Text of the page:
If a style of residential architecture can symbolize an era, the ranch house became the iconic American home in the period from roughly 1945 to 1970: By some estimates, 70% of American homes built in the 25 years after World War II were ranch houses.
The Chicago area, where the rancher evolved out of Frank Lloyd Wright’s Prairie house, and the desert Southwest, where the working ranch provided inspiration, were important centers.
But the ranch house had a special role in Los Angeles, and the fruit orchards and bean fields that fell away from the city soon became ideal laboratories for the style — making L.A. the unofficial capital of what would be called the “California-style house.”
Postwar Los Angeles, with its forward-looking community of architects and developers, took the ranch to its apogee, and Hollywood, with its powerful image-making ability, helped spread the word. Now, because of its deep-rooted connections, the Los Angeles area is reasserting its role in the style’s revival.
To author and suburban bard D.J. Waldie, the ranch house is downright fashionable. “It’s the late 20th century version of the Arts and Crafts bungalow,” he says. “Some of that fussiness is being transferred to ranch house culture.”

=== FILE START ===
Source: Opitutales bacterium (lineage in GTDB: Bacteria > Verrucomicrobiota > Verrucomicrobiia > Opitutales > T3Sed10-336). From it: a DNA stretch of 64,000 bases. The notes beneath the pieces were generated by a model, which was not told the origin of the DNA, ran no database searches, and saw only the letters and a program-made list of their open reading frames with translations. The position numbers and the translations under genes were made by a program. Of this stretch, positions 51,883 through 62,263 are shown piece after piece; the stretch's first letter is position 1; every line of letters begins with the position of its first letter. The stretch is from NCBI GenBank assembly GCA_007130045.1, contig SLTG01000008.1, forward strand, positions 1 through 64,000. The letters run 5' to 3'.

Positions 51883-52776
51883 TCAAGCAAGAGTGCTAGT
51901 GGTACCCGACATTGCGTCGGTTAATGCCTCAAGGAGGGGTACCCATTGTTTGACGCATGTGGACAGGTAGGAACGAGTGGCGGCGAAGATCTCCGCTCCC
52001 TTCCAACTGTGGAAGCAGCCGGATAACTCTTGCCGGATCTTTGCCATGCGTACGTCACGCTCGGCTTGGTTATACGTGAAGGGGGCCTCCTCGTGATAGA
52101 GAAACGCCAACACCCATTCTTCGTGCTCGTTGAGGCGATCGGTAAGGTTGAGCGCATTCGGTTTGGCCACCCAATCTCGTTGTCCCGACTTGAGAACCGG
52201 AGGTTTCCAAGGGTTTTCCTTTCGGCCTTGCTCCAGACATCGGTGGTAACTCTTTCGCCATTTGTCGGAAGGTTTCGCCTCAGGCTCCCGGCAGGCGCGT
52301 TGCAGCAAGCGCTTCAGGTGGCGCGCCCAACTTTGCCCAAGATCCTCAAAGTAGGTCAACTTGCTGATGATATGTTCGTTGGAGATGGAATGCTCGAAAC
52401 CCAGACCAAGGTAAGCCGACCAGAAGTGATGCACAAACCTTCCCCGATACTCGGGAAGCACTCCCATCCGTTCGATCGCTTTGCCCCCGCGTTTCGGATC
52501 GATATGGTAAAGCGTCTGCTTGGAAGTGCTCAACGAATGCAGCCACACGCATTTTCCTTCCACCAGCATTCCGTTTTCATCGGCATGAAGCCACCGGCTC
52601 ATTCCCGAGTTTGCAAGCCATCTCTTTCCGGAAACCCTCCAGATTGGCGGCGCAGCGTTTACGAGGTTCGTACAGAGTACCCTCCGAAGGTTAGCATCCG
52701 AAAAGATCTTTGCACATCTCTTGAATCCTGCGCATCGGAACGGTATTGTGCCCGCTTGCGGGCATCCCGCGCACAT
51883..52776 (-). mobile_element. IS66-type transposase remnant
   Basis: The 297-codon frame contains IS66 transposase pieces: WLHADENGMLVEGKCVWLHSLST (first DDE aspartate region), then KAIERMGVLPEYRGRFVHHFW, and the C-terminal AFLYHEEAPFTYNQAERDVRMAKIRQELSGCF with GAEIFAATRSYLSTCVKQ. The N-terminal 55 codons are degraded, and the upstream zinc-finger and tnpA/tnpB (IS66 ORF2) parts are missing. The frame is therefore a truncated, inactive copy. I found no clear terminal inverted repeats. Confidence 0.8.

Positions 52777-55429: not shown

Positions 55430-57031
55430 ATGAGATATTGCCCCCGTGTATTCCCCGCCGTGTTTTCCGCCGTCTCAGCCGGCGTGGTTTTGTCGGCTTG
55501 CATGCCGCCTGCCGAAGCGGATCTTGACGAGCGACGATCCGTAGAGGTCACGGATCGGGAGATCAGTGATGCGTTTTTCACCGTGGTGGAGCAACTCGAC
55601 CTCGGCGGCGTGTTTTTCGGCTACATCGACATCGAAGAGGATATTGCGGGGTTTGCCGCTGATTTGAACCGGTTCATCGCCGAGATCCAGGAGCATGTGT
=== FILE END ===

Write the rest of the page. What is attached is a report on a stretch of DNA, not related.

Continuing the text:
Alongside the fussiness is a growing preservationist movement. “The ranch house is the next emerging residential preservation issue,” says Ken Bernstein, director of preservation issues for the Los Angeles Conservancy. “And while some have come to accept the high-end Modernist home, the ranch house is only now gaining recognition and acceptance.” In 2002, the conservancy fought to save a Cliff May Experimental House in Sullivan Canyon. And the chair of the group’s Modern Committee, Adriene Biondo, lives in a Joseph Eichler ranch house.
There is “typically a 40- or 50-year lag between the time when something is popular and when it’s rediscovered,” says Kenneth Breisch, professor of architecture and preservation at USC.
“My students, who look back nostalgically at the ranch house because it’s from another era, are doing projects and research papers on the ranch house,” he says.
Jim Brown, a South Pasadena photographer, and his wife, Michelle Gringeri-Brown, both grew up in postwar ranches in the Southland in the ’50s and ’60s. “And like everyone else, we took them for granted,” Brown says. “We moved on and embraced bungalows. Ranches were so ubiquitous. And because it was the house that a lot of boomers had grown up in, it was my folks’ house. And what could be more uncool than your folks’ house?”
But the experience of the Browns, who came to value the ranch’s low-key beauty and its indoor-outdoor living, shows the style’s reformation. Brown and Gringeri-Brown, a former editor of American Bungalow, now publish the year-old magazine Atomic Ranch, which aims to do for the rancher what Taschen Books’ 2002 release did for the Case Study Houses: frame the style in a hip, retro package, nearly fetishizing its sharp angles, post and beam ceilings, and sliding glass doors.